Retiring in Florida Means Sunny Days Ahead

If you are considering retiring in Florida, you’ll enjoy the activities; have plenty of living options and good weather almost every day.

Moving to Florida

When retiring in Florida, you’ll need to obtain your Florida driver’s license or identification card. You’ll also need to notify the office of the clerk of the circuit court whether Florida will be your permanent home or if you maintain a second home in another state. You’ll have to choose which home you consider your primary residence.

retiring in florida

One of the unique laws of Florida is regarding what is considered a 55+ community. The housing must be intended and operated for occupancy by persons 55 years of age or older and meet the following requirements:

  • At least 80% of the occupied units are occupied by at least one person 55 years of age or older.

  • The facility or community publishes and adheres to policies and procedures that demonstrate its intent to in fact be a provider of housing for older persons.

  • The facility or community complies with rules established by the U.S. Department of Housing and Urban Development (HUD) for verification of occupancy.

Choosing a Location

You’re ready to take the plunge and retiring in Florida is in your plans. You’ll have your choice of the Atlantic Ocean to the east, the Gulf of Mexico to the west or Inland.

You’ll have over 1,300 miles of coastline, the longest coastline in the contiguous U.S.

There are six regions in Florida: Northwest, Northeast, West Central, East Central, Southwest or Southeast.

With the abundance of housing options it can be a bit overwhelming when looking at all of your retiring in Florida options. You want your city and housing choices to meet your lifestyle needs. Whether you prefer a small neighborhood, college town or a large urban city, you’ll also have your choice of living options:

  • single family dwellings

  • condominiums

  • apartments

  • villas

  • retirement communities for independent living

  • retirement communities for assisted living

retiring in florida

The largest metropolitan area in the state as well as the entire southeastern U.S. is the South Florida metropolitan area, with 5.5 million people. The Tampa Bay area with over 2.7 million people; is the second largest metro area and Greater Orlando, with over 2.1 people is third.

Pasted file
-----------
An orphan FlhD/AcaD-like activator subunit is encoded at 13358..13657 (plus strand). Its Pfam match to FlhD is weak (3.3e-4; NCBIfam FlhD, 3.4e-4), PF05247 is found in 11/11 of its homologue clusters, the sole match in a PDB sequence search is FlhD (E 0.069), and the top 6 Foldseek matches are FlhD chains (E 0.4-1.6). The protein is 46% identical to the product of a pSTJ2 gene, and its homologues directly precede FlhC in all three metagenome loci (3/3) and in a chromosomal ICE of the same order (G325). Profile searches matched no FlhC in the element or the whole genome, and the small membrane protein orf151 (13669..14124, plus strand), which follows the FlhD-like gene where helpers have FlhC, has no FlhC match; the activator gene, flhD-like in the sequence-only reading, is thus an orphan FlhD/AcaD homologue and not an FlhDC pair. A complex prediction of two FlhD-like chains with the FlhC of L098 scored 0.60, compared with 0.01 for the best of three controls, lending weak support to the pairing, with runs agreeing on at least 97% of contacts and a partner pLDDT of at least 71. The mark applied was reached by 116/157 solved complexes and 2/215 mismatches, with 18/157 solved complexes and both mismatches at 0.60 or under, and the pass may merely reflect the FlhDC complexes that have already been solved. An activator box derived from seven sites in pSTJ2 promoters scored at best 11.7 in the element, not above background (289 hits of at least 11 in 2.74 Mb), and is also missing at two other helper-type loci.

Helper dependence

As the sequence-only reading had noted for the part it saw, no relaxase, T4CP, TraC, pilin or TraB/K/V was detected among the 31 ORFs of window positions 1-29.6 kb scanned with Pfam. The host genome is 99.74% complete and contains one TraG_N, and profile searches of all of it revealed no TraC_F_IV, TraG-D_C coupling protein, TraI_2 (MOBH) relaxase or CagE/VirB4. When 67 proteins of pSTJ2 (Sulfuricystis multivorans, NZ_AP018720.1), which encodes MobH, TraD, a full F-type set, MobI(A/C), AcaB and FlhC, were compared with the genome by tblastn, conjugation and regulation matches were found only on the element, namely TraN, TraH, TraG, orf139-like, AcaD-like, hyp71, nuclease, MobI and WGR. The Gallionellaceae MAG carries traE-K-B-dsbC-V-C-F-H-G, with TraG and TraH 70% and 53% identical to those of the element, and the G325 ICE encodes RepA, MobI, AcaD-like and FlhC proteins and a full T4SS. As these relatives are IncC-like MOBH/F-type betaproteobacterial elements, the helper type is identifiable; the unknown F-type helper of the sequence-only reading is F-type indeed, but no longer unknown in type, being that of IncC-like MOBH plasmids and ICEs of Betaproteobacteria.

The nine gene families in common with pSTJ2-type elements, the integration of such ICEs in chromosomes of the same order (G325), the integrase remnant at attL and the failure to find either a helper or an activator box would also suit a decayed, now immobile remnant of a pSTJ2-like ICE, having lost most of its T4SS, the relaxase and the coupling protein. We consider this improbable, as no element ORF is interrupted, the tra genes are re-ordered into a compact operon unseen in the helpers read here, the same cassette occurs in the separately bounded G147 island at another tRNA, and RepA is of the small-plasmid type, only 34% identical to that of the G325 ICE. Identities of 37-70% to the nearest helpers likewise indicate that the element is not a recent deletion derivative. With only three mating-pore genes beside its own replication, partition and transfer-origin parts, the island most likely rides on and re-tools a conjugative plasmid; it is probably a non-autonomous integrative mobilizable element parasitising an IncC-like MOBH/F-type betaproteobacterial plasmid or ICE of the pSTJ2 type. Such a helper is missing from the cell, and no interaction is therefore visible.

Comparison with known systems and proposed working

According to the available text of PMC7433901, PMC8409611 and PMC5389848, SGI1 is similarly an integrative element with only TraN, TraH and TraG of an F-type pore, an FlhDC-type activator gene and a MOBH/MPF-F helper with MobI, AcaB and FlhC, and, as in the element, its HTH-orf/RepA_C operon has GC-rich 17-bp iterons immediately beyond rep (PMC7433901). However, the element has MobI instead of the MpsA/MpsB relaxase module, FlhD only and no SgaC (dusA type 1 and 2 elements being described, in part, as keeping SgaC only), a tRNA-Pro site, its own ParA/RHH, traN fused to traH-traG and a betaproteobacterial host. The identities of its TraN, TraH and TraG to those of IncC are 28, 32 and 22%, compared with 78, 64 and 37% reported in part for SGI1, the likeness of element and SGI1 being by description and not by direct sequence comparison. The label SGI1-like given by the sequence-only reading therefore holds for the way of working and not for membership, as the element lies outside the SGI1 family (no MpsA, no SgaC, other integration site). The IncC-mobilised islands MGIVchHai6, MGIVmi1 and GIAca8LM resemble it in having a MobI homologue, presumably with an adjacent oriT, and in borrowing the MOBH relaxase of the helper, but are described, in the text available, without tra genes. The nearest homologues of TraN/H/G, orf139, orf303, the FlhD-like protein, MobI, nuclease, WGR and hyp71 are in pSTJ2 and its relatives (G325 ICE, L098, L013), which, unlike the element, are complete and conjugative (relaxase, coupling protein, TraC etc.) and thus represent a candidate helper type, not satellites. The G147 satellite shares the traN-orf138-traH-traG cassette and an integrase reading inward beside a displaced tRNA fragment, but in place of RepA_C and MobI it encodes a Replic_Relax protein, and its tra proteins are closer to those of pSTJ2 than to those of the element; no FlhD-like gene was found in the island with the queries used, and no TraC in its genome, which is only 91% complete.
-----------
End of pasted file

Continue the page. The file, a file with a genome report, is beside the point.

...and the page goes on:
Property owners can gain a homestead tax exemption for their primary residence, and additional exemptions are available to homeowners age 65 and over.

The primary source of revenue for the state government is sales tax; for the cities and counties the source of revenue is property taxes.

Florida is a low per capita energy user. It is estimated 4% of the energy in the state is generated through renewable resources. New real estate development along the coastline with high rise condominiums.

Baby boomers are driving the vacation home market. The typical buyer is 55 years old, with a household income of $77,000; 71% have no children under the age of 18 living at home. The state sales tax rate is 6.25% except food and medicine is exempt.

There isn’t any inheritance tax or state personal income tax.

Florida Fun Facts

When retiring in Florida, you’ll be in good company, eight of the 10 most popular retirement cities in the U.S. are in Florida. Retirees find a sense of comfort in numbers and are drawn to areas where seniors share similar lifestyles; 1,000 people are moving to Florida every day. Almost two-thirds of the population in Florida was born in another state, the second highest in the country.

retiring in florida

  • 2011 Estimated Population 19 million

  • Persons 65 years and over 17% of the population

  • Homeownership rate 70%

  • Median value of owner-occupied housing units $205,000

  • Per capita income $26,551

Retiree Activities in Florida

When retiring in Florida, you’ll discover the advantages and recreational opportunities available for the 55+ crowd. The state has more than 1,200 golf courses; Palm Beach County has more golf courses than any other county in the country.

  • The Panhandle has the Falling Waters State Park; the state’s highest waterfall pours up-side down into a sinkhole.

    When your grandchildren visit, they can participate in the annual envirothon in Wakulla.

  • Gainesville is an outdoor enthusiast’s dream when retiring in Florida. The water activities include: fishing, snorkeling, canoeing, diving and kayaking.

    For land lovers you’ll have hiking and biking options.

    The Santa Fe College Teaching Zoo is located in Gainesville and provides a sanctuary for wildlife.

  • Jacksonville has beaches, golf courses and nature trails. Within Jacksonville there are smaller communities for you to consider when retiring in Florida. You’ll have your choice of nearby shopping malls and medical centers but with the small town feel.

    Retiring in Florida is an exciting time for you and your options are endless

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